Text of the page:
"Economic Derivatives" Offer a New Option

September 12, 2002 (PLANSPONSOR.com) - Investors bored with trying to gauge the direction of such commonplace investments as stocks, bonds and pork bellies will soon have a new option - economic derivatives.

Beginning next month, traders will be able to invest in a new options market, as Goldman Sachs and Deutsche Bank unveil options trading on US economic data releases such as retail sales and manufacturing.

The options allow hedge funds and institutions to bet specifically on the outcome of the data. At the start, only professional traders will have access to the market, but eventually, individual investors will also be allowed to trade economic derivatives, Reuters said.

Goldman and Deutsche will offer the options initially on US payrolls, retail sales and the Institute for Supply Management’s manufacturing index. Eventually, the banks hope to expand the options to US inflation gauges and foreign data, the Reuters story said.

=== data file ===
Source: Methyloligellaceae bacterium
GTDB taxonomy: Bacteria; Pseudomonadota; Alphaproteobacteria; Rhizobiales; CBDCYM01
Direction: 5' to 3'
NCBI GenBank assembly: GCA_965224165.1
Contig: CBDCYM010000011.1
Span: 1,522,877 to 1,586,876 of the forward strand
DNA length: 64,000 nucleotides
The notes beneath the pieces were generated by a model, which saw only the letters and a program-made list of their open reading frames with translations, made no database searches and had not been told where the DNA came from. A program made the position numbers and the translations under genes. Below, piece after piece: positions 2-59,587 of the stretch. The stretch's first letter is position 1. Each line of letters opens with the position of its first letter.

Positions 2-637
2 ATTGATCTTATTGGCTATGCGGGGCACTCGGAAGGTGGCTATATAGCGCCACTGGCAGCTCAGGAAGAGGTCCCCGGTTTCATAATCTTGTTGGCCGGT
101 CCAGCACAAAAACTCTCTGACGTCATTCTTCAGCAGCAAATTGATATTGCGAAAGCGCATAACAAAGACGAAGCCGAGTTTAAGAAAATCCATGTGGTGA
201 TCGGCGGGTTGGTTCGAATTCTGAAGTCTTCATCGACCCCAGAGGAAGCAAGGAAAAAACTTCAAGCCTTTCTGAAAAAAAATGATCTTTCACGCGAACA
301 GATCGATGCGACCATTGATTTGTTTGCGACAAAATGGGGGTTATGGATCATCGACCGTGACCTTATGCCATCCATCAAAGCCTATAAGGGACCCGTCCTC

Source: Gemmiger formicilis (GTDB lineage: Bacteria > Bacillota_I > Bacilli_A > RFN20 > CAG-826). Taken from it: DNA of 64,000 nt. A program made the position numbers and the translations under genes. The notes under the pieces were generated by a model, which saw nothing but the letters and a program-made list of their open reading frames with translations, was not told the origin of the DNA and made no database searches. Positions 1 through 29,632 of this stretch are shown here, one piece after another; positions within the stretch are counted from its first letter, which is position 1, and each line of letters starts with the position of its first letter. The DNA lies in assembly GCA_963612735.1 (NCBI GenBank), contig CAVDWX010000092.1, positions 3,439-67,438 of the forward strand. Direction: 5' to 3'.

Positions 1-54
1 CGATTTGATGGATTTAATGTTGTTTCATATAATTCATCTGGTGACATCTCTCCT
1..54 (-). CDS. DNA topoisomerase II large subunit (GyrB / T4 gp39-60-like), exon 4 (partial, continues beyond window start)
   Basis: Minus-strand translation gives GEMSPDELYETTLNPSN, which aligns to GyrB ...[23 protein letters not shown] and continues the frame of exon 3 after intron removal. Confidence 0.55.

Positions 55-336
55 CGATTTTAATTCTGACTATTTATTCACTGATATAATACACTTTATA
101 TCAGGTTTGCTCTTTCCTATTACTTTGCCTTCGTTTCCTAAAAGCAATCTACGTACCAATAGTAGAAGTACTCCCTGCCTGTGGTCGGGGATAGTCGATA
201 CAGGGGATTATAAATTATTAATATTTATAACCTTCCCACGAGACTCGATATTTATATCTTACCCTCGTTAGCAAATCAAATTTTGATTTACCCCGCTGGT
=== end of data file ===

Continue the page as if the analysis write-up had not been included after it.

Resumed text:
The project kicks off with an October 1 auction in which participants may acquire either calls, which are options to buy, or puts, which are options to sell, and they can set limits on the amount they are willing to pay, according to the report.

Traders also must choose a strike, which is the option holder’s forecast for the data. A call struck either at or above the data’s headline reading is a winner. While a put at or below the reading also wins. For example, a trader with a call at 100,000 makes money if nonfarm payrolls rise by 100,000 jobs or fewer, the Reuters story explained.

Goldman and Deutsche might offer strikes for the payroll number from a negative 150,000 jobs to a positive 250,000 jobs in increments of 50,000. If a concentration of bids builds up at a particular level, those calls become increasingly costly, because it shows that a disproportionate number of investors expect the payroll number to come in near there. Consequently the payoff is less.

The firms expect healthy interest in the new derivatives, but the message has yet to reach all ears. Several options strategists said economic derivatives will have a hard time competing with tried and true hedging instruments such as Treasury and currency futures, Reuters said.